Kyle Long followed his bloodlines to the NFL. He won't be lining up on the same side of the line as his famous family members, though.
The Chicago Bears selected the sone of Oakland Raider legend Howie Long with the 20th pick in the draft Thursday night, adding the guard from Oregon to a line that has ranked among the NFL's worst in recent years.
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There were a number of ways the Bears could have gone, given their needs for depth and youth on both sides of the ball. They were also interested in moving down and acquiring more picks since they had just five.
Some mock drafts had the Bears going with linebackers Alec Ogletree of Georgia and Notre Dame's Manti Te'o, along with Fighting Irish tight end Tyler Eifert. All three were on the board, but Chicago decided to draft a guard in the first round for the first time since 1960 in Long, brother of St. Louis Rams defensive end Chris Long.
"Very clear statement that we wanted this player," general manager Phil Emery said. "The draft's not over, so we'll have other opportunities at those other positions. This is the player we wanted."
With Long in the mix along with newcomers Jermon Bushrod at left tackle and guard Matt Slauson, the offensive line will have a different look after allowing 44 sacks and 87 quarterback hits last season.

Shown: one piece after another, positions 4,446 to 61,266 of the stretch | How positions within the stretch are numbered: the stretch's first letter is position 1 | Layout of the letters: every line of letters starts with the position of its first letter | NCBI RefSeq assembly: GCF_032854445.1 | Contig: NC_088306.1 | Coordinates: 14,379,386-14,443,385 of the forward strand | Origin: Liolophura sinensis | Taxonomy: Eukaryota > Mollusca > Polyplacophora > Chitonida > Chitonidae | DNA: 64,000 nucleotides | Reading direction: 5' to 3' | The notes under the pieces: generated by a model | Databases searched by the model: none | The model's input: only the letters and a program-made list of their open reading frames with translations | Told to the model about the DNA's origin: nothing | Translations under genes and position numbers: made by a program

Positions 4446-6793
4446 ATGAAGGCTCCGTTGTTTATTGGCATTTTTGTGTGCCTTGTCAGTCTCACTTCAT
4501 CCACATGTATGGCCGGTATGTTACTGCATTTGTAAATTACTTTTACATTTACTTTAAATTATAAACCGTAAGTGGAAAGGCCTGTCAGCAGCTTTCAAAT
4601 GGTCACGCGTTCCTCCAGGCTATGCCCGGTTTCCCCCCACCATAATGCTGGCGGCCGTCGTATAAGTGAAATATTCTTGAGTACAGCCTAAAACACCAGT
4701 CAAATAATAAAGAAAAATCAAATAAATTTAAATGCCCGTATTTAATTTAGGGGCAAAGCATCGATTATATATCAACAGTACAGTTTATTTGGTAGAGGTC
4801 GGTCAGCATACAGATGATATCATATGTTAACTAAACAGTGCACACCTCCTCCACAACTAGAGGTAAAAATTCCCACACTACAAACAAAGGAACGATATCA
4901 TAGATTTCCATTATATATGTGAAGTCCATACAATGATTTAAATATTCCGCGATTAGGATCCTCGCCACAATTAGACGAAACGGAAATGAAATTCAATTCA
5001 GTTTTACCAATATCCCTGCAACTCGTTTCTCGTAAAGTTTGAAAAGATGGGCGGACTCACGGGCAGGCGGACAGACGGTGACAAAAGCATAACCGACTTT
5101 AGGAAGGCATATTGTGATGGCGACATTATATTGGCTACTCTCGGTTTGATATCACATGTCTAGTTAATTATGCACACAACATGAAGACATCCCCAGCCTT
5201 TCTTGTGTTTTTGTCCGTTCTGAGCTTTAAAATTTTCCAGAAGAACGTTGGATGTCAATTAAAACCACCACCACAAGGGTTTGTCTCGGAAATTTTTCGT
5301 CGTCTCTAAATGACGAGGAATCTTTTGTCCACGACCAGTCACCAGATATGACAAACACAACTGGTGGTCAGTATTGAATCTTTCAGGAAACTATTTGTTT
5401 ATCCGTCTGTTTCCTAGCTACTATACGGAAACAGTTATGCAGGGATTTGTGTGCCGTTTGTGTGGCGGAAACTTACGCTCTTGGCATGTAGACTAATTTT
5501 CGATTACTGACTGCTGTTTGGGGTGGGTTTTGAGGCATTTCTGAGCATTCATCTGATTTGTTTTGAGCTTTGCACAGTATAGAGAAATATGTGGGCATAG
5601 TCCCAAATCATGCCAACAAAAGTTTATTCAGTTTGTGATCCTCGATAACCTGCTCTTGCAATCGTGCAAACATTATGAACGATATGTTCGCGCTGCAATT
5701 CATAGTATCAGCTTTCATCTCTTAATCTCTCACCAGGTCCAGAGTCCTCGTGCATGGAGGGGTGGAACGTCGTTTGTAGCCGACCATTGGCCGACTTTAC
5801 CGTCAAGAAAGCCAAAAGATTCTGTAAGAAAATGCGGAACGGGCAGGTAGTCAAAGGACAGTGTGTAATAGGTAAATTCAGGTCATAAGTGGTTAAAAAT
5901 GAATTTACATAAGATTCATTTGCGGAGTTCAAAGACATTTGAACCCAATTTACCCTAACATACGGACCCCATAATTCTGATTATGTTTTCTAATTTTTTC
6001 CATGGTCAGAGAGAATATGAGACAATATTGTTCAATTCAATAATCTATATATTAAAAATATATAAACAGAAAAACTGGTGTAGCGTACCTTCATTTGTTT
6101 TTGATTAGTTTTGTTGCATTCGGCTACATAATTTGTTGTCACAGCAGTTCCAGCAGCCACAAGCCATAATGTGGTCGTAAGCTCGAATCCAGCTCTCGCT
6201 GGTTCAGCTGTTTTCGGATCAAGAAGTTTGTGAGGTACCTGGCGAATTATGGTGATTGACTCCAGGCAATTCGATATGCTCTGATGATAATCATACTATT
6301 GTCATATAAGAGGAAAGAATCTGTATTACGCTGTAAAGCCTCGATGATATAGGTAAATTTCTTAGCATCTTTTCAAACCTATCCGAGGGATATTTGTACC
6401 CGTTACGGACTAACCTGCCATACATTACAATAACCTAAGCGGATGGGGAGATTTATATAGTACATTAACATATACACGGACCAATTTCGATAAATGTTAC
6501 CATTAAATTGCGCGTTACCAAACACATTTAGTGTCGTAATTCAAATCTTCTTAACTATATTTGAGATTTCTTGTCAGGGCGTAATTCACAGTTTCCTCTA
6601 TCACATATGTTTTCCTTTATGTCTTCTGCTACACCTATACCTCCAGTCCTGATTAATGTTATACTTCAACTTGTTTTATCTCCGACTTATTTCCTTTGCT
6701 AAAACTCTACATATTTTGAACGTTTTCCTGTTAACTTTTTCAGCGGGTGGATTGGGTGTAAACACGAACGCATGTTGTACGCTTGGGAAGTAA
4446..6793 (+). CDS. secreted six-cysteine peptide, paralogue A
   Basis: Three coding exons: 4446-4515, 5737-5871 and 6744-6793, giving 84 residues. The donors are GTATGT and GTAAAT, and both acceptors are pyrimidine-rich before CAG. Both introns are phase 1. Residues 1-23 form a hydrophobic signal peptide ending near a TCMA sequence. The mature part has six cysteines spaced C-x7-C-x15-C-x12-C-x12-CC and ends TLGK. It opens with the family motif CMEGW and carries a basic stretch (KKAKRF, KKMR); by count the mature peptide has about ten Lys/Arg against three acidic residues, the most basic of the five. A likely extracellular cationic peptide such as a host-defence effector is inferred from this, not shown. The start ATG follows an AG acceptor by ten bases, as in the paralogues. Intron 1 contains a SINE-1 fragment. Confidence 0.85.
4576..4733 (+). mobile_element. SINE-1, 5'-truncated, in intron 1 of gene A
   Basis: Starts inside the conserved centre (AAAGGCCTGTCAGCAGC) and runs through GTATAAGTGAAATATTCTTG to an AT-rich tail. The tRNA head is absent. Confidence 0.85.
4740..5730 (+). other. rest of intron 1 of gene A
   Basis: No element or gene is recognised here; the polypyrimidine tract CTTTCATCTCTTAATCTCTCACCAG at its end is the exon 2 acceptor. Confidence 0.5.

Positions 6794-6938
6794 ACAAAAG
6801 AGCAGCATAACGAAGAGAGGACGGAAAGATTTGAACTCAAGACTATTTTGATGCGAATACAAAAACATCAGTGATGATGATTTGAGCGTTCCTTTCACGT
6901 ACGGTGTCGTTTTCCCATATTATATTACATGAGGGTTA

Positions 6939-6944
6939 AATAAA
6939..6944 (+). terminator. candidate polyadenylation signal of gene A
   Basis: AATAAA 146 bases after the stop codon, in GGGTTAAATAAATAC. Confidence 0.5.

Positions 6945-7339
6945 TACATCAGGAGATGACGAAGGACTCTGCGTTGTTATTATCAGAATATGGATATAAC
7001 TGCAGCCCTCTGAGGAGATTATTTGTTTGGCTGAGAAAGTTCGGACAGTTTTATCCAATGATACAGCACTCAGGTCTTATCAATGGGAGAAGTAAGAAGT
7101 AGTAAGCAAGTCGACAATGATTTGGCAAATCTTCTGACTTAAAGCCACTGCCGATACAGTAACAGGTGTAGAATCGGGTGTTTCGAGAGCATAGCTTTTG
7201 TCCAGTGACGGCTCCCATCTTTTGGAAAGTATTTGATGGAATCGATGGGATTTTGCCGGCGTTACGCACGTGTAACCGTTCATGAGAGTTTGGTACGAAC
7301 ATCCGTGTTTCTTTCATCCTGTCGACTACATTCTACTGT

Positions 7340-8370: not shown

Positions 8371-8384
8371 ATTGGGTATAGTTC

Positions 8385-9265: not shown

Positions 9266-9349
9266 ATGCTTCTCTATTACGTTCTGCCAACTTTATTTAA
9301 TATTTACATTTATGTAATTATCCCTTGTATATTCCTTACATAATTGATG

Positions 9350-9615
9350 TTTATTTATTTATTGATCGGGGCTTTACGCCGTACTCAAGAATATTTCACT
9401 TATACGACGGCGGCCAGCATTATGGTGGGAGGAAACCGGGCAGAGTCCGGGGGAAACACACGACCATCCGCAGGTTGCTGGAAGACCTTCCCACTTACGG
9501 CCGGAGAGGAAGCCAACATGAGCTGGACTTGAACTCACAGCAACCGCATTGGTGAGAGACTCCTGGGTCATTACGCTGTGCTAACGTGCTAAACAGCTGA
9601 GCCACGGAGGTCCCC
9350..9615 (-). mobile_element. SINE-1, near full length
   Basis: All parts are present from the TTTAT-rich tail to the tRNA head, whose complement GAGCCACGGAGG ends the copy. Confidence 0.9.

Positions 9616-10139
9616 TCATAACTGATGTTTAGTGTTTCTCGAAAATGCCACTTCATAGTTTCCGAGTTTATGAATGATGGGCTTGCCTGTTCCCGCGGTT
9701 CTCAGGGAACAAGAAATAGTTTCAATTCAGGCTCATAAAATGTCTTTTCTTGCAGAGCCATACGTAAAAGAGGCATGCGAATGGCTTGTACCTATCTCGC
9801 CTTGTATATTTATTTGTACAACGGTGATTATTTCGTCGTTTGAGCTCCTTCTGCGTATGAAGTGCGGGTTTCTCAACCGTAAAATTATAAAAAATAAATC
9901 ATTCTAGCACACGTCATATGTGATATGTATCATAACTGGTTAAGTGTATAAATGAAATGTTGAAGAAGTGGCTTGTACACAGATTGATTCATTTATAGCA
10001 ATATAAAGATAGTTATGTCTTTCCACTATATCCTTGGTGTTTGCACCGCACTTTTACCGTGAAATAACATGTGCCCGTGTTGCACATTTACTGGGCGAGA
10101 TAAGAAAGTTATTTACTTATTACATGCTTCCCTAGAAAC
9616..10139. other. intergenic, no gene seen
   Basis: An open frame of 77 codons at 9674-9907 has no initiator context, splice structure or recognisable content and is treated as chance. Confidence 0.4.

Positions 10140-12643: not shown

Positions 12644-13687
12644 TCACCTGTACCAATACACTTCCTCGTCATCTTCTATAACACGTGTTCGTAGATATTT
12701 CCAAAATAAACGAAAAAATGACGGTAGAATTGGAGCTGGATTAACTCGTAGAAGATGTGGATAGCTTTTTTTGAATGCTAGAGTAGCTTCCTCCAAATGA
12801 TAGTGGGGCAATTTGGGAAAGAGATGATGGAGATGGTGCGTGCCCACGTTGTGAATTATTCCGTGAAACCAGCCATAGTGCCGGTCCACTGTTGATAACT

Kyle Long becomes the latest member of his family to reach the NFL even though his college football experience was limited.
A rifle-armed pitcher at St. Anne's-Belfield high school in Ivy, Va., he was drafted by the Chicago White Sox in the 23rd round in 2008 but wound up going to Florida State on a baseball scholarship. Academic issues forced him to leave FSU, and he also wound up spending a night in jail because of a DUI in January 2009.
Long returned home, straightened himself out and enrolled at Saddleback Community College in Mission Viejo, Calif., in 2010 and wound up making the switch from pitcher to defensive end. He moved to the offensive line the following year with the Gauchos, and emerged as a key piece in Chip Kelly's breakneck offense in his lone season with Oregon in 2012 even though he made only five starts and 11 appearances.
In the five games he started at left guard, the 6-foot-6, 313-pound Long recorded six touchdown-resulting blocks and 36 knockdowns. And the Ducks led the Pac-12 in total offense and scoring.
"I feel like I can get a lot better with coaching, with the right guys around me," Long said. "I feel like have that opportunity in Chicago."
As for his past?
"I was a young kid and I was dealing with some stuff off the field that I had to work through," he said. "I'm past it now. I'm four years, 4½ years removed from those issues. I really feel like my best ball is ahead of me."
Emery said he thinks Long can play both guard and tackle spots. He believes the issues he had in the past are just that - in the past - and sees him emerging as a leader.
"All of us have fallen in life at one point or another," Emery said. "The important thing is do we get up and do we move forward? Do we try to prepare ourselves better. Not only get ourselves better, but get those around us better, and that's what this man has done. He was a team leader at Oregon. He was there one fall."
Emery also said he might be the best athlete in the family, although Kyle Long dismissed that.